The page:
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The Hugo Chavez of Football

The Hugo Chavez of Football

by Dave Durbach / 02.07.2010

For those who doubted the influence of a coach over a national team full of millionaire players, look no further than the differing fortunes of France and Argentina. Consensus about Raymond Dominech being a poes was reached long before he refused to shake Carlos Alberto Parreira’s hand.

Then take a look at Argentina. Diego Maradona has far more experience with coke and controversy than coaching international football, but he has managed to silence his critics simply by bringing the best out of his team.

Argentina’s 3-1 pummeling of Mexico came amidst two other recent performances that showed one and all that the business end of the World Cup is upon us. Germany’s 4-1 pounding of a lackluster England outfit earlier on Sunday, and Brazil’s 3-0 cakewalk over surprise package Chile on Monday have suggested that those three sides are the teams to beat.

Argentina dominated Sunday’s game from start to finish. Carlos Tevez was named man of the match (make that Budweiser Man of the Match™ ) for his two goals, the second a screamer from long range. Gonzalo Higuain, hat-trick hero against South Korea, grabbed another to take his tournament tally to 4. Their third striker is having a quiet World Cup so far, probably because he’s being marked by three defenders at any given moment in the game. That’s what happens when you’re the supposedly the best player in the world.

After the match, no one seemed surprised when Maradona arrived late for the press conference (a rare occasion given FIFA’s militaristic attention to detail), trailed by a cloud of cigar smoke (another FIFA no-no). He was obviously upbeat. “Argentina was superior for ninety minutes. We were doing things perfectly on the pitch…Everything went well, in spite of the fact that we had a good opponent.”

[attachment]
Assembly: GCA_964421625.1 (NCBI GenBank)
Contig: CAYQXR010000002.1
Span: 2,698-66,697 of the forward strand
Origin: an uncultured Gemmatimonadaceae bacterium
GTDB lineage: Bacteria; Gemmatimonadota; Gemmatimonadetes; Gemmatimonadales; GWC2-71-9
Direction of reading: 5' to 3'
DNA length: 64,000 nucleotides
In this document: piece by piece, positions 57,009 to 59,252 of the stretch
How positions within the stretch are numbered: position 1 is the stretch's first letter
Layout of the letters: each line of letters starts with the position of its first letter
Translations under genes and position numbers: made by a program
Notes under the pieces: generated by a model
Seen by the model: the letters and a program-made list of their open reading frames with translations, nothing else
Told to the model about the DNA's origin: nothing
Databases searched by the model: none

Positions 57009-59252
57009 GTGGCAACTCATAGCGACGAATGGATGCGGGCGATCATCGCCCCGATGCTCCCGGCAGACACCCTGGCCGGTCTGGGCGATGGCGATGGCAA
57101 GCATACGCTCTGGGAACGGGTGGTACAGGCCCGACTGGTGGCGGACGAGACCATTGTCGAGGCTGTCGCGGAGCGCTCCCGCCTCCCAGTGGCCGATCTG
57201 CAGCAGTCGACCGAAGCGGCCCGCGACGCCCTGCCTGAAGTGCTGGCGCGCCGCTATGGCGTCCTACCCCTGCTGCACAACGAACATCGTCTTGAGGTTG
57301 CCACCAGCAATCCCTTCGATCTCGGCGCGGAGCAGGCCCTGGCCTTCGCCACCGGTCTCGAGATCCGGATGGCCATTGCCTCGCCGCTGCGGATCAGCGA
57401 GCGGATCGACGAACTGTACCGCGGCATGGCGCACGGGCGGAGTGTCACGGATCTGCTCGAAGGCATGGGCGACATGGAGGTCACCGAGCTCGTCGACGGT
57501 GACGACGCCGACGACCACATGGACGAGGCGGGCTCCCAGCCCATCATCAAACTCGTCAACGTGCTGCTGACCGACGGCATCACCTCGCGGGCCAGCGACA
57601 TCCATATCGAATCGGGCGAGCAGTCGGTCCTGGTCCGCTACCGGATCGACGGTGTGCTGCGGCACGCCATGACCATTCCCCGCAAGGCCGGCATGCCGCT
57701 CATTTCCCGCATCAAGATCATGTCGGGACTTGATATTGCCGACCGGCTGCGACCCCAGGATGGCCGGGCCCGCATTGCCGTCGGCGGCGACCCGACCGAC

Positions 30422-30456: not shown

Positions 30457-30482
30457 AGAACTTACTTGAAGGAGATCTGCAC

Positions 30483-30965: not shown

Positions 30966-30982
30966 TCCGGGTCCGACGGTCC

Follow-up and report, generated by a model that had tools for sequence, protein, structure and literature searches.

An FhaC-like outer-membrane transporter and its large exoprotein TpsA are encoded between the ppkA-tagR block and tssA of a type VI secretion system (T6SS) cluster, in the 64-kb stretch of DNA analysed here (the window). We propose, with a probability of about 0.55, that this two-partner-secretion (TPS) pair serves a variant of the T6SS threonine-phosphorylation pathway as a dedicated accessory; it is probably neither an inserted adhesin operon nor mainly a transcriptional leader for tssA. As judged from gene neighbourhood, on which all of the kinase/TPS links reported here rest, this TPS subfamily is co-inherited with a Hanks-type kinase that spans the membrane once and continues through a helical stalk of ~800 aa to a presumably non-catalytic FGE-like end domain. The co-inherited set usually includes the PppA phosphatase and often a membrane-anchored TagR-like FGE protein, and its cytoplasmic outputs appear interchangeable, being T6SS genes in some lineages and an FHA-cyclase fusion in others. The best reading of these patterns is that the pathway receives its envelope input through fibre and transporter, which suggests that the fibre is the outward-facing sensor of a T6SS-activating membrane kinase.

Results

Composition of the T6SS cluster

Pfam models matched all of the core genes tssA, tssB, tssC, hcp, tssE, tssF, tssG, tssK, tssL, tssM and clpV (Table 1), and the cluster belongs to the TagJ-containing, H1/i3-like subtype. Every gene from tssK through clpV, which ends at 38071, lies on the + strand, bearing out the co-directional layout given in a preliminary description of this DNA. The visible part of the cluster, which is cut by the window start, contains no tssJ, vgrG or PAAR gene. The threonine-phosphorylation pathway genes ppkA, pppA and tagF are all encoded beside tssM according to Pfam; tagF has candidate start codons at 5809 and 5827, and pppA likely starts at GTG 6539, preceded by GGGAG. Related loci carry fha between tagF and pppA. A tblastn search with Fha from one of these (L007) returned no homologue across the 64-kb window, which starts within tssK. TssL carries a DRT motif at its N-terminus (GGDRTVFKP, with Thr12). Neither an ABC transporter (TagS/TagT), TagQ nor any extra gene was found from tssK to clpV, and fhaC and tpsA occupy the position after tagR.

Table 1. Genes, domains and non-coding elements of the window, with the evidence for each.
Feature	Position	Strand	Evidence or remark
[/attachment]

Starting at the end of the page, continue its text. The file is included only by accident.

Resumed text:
Maradona praised the speed of his players, particularly his star striker, in whom he clearly sees his younger self. “Lionel Messi is like a jet plane on the pitch,” he said, before revealing his frustration at how the Mexicans had taken him out of the game. “I have lived that – as a player, when you have three players on you. When Messi gets the ball, everybody is trying to get him, to kick his legs. What is being done to him is a scandal. They don’t even look for the ball, they look for his legs, to kick him. There’s a limit to everything. I want Messi to be respected.”

Clearly, teams pre-occupied with silencing the Barcelona striker have simply opened the door for Tevez, Higuain and the rest of the Argentinian team. There is no shortage of depth in the squad, which the coach has already made use of. All but five of the 23 man squad have played at least a full 90 minutes. Only three (including the reserve keeper) haven’t made it off the bench yet. While Tevez said he was confused as to why he had been taken off shortly after his second goal, it’s all part of Maradona’s plan. “Here there are no people who are substitutes, or people who will be constantly in the line-up. People must always be ready. They will play. It’s a World Cup. If somebody stumbles, anybody can be replaced at any time. That’s why my relationship with the boys is excellent. They do it out of respect for everyone else, and for the colours on their jersey. We’re ready to fight til the very end, for pride and honour.”

After he had answered the mandatory number of questions, FIFA officials try to draw things to a close. “Is that all?!” Maradona asked, bemused. “Finally I get a chance and he wants to send me off!” And of course, the press conference continued until El Diego said it was done.